22. 22. Articles Clifford, James. Identity in Mashpee.Brubaker and Cooper. Beyond Identity. 2000. Smith. History and National Destiny. 2004. Barth. Ethnic Groups and Boundaries.
  23. 23. IDENTITY Analytical CategoryCategory of practice -identity politics - folk theories - discourse
  24. 24. Uses 1. non-instrumental modes of social and political action; actiongoverned by particularistic self understanding rather than universal self interest
  25. 25. Understood as a specifically collective phenomenon, implying a fundamentalsameness among members. This sameness should manifest in solidarity, shared dispositions or consciousness, or collective action
  26. 26. 3. Product of social or political action, the development of a kind of collectiveunderstanding or “groupness” that makes collective action possible. Identity then is both a product of collective action, and a basis for further action.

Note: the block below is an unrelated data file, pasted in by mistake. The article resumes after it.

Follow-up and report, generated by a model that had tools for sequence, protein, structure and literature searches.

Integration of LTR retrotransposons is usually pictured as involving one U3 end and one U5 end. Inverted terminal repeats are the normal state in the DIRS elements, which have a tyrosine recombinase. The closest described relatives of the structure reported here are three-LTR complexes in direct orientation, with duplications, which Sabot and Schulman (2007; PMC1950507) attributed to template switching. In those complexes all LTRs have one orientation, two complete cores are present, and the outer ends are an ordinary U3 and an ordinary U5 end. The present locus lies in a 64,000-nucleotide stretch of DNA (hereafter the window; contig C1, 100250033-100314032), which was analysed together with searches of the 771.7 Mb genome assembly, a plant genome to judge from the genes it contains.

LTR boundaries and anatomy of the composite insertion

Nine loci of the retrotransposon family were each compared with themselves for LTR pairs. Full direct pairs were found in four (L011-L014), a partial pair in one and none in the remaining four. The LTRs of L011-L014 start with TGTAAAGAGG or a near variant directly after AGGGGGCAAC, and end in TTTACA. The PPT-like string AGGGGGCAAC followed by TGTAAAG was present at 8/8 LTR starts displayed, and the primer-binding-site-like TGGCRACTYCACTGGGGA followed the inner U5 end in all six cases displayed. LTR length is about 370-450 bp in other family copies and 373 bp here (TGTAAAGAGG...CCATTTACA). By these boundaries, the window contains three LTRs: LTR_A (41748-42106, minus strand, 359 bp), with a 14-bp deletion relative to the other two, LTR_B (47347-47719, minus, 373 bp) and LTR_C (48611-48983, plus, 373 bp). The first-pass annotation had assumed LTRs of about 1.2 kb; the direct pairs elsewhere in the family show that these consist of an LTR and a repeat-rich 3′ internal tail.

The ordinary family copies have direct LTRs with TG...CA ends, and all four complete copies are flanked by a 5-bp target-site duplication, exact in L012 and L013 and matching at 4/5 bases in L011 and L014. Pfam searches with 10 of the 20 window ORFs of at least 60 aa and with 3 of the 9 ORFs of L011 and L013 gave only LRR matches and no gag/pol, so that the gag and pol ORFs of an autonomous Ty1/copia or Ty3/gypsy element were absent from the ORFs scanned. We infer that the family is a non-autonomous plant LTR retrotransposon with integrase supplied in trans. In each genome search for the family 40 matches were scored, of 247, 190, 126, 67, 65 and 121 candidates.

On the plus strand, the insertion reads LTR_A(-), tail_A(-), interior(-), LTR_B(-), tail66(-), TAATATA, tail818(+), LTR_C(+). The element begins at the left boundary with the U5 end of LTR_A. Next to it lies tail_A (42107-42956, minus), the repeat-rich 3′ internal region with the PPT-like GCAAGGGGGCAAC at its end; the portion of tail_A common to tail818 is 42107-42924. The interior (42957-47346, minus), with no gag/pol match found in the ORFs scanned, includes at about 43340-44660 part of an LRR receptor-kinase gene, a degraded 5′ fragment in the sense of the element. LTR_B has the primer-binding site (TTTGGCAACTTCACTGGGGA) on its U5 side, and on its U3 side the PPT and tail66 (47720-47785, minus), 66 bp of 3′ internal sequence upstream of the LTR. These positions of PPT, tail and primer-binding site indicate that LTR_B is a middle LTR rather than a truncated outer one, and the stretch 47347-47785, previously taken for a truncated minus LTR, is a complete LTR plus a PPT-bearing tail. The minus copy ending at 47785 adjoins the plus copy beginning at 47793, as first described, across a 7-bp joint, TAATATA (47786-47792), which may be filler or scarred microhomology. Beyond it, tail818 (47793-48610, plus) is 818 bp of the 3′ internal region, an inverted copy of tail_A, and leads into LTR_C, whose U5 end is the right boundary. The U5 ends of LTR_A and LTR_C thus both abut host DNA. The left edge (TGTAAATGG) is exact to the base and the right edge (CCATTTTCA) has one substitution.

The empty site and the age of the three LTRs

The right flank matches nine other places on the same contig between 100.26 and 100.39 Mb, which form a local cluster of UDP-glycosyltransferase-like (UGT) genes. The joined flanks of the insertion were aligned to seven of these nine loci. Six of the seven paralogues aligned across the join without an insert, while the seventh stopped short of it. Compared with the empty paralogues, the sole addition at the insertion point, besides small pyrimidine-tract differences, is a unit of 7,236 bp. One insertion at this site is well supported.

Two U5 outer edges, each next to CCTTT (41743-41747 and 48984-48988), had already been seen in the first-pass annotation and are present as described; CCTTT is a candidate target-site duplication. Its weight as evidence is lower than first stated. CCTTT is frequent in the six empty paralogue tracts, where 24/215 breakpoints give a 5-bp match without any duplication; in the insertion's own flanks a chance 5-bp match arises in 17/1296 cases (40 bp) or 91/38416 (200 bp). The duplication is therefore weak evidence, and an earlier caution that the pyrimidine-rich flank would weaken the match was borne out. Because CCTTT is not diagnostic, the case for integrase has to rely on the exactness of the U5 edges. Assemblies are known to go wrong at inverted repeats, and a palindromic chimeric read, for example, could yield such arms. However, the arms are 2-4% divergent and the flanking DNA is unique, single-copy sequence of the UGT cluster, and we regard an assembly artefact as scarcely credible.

27. 27. 5. Something that represents the unstable, multiple, fluctuating and fragmented nature of the contemporary self.
  28. 28. # # 2 and 3 4 and 5 Fundamental reject notions ofsameness (across persons sameness and across time) or continuity
  29. 29. who is doing the identifying? IDENTITY IDENTIFICATIONA Condition A Process Relational - position in a social web or relationship (kinship, patron-client Categorical - membership in a class of persons sharing some categorical attribute (race, class, ethnicity, gender, sexual orientation
  30. 30. SELF UNDERSTANDINGPerhaps tacit, may be variable across time and persons. Also makes a distinction about how you identify yourself in and how others identify you Self-Identification Self-representation (explicit) (explicit)